Journal of hepatology vol:44 issue:6 pages:1098-104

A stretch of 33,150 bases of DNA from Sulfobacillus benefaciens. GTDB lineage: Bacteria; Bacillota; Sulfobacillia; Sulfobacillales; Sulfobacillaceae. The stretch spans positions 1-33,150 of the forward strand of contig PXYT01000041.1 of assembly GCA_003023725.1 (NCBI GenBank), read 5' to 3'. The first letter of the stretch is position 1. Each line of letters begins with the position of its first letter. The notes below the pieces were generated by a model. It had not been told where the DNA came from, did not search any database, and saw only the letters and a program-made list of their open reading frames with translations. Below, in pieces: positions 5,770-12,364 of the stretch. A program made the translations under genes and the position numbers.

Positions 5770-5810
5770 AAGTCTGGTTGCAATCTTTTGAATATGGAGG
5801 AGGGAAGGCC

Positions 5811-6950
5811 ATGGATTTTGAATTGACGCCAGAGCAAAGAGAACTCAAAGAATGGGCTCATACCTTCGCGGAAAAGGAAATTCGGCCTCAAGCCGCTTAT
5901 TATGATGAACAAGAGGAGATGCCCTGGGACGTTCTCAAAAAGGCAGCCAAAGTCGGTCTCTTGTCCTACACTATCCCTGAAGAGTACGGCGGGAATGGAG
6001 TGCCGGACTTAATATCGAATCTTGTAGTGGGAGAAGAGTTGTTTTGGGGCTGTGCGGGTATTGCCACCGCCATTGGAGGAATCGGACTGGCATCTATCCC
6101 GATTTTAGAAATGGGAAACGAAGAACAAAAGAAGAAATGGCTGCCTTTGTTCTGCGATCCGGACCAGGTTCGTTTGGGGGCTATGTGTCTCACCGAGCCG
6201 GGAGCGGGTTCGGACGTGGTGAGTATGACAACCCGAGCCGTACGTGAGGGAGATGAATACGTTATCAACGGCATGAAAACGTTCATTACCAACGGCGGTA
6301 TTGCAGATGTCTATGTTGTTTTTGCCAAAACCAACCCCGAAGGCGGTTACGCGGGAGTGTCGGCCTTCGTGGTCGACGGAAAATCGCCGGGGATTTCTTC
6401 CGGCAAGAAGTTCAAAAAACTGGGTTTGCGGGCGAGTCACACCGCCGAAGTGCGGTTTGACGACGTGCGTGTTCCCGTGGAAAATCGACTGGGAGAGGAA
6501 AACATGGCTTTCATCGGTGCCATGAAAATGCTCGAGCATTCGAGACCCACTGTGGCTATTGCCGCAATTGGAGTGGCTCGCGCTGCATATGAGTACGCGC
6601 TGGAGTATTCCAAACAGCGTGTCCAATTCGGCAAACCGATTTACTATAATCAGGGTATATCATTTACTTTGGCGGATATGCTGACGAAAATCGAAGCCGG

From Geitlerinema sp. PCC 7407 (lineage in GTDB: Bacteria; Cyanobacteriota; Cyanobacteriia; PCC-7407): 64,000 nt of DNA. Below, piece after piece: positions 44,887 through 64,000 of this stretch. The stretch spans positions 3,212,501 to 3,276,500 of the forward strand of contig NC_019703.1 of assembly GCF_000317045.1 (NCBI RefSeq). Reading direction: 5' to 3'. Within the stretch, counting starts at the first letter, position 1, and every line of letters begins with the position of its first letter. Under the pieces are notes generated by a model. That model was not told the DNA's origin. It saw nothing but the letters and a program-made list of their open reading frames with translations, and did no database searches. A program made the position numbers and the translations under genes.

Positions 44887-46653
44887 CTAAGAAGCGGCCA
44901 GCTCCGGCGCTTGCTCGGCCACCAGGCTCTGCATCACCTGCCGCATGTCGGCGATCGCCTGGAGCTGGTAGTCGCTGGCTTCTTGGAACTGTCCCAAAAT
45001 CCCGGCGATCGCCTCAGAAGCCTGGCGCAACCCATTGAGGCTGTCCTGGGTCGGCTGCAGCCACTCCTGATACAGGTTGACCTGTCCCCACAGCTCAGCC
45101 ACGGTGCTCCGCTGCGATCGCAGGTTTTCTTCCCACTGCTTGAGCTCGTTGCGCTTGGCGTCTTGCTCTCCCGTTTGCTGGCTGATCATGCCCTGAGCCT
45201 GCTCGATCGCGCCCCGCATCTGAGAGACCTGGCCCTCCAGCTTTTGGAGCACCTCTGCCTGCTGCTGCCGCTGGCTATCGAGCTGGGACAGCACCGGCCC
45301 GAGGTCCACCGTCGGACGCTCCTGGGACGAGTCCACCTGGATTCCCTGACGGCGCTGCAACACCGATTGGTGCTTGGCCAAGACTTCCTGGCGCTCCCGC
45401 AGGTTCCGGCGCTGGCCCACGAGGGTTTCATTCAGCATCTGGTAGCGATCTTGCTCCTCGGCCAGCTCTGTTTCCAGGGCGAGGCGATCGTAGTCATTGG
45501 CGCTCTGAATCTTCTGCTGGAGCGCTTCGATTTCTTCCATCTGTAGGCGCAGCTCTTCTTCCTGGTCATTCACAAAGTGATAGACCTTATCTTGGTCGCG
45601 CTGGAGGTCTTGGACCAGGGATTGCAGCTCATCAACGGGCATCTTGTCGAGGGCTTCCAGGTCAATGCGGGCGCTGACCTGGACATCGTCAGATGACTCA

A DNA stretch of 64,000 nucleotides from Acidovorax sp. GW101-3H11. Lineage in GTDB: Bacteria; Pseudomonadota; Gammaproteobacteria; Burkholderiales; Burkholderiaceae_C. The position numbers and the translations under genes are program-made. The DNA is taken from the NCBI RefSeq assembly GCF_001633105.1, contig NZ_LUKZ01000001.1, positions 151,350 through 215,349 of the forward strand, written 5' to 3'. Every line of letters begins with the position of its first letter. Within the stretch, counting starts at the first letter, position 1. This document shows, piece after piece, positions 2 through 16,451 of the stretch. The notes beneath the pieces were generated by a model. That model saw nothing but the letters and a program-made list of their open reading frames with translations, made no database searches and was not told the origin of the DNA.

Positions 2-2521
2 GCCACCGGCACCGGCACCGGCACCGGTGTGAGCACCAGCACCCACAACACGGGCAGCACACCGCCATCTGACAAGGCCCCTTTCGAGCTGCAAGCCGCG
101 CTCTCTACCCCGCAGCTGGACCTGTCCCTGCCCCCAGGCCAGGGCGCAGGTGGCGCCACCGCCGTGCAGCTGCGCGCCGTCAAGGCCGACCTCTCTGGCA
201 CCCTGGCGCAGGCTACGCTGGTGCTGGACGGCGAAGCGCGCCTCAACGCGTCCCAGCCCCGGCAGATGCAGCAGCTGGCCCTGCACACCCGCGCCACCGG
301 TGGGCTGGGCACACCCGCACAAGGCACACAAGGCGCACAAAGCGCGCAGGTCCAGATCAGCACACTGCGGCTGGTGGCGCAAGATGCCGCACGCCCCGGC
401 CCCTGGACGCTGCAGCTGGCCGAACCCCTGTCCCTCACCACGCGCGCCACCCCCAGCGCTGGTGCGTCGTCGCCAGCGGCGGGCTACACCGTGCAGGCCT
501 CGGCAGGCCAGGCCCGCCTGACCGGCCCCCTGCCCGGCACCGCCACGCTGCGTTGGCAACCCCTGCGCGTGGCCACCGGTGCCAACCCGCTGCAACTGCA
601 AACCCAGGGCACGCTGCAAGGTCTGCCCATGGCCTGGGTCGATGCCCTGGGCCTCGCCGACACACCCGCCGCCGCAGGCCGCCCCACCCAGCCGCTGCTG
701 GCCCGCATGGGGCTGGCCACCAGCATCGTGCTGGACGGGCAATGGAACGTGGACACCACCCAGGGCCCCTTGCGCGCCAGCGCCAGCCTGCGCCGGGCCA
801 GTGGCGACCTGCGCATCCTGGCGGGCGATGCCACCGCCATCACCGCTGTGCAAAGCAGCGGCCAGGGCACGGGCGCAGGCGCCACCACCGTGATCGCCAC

BACKGROUND/AIMS: Hepatic stellate cells (HSC) have been hypothesised to derive from the neural crest, based on their expression of multiple neural/neuroendocrine features and their contacts with autonomic nerve endings. METHODS: We studied the emergence of HSC in the liver during embryonic development in a transgenic mouse line expressing yellow fluorescent protein (YFP) in all neural crest cells and their derivatives. Cellular YFP expression in these mice was compared with desmin expression between embryonic day (E) 11.5 and adulthood. RESULTS: YFP was abundantly expressed in neural crest cells delaminating from the neural tube and in all known neural crest-derived structures and cell populations. In particular, YFP expressing cells perfectly mimicked the spatial and temporal pattern of enteric nervous system development from neural crest cells migrating from the postotic region. Cells within the adrenal medulla were also YFP positive. Analysis of the liver showed that desmin-expressing, stellate-shaped, perisinusoidally located HSC were evident from E11.5 onwards. However, no detectable YFP expression was seen in the developing liver or in HSC, from E11.5 until adulthood. CONCLUSIONS: These findings suggest HSC do not descend from the neural crest, and therefore may derive from the septum transversum mesenchyme, from endoderm or from the mesothelial liver capsule.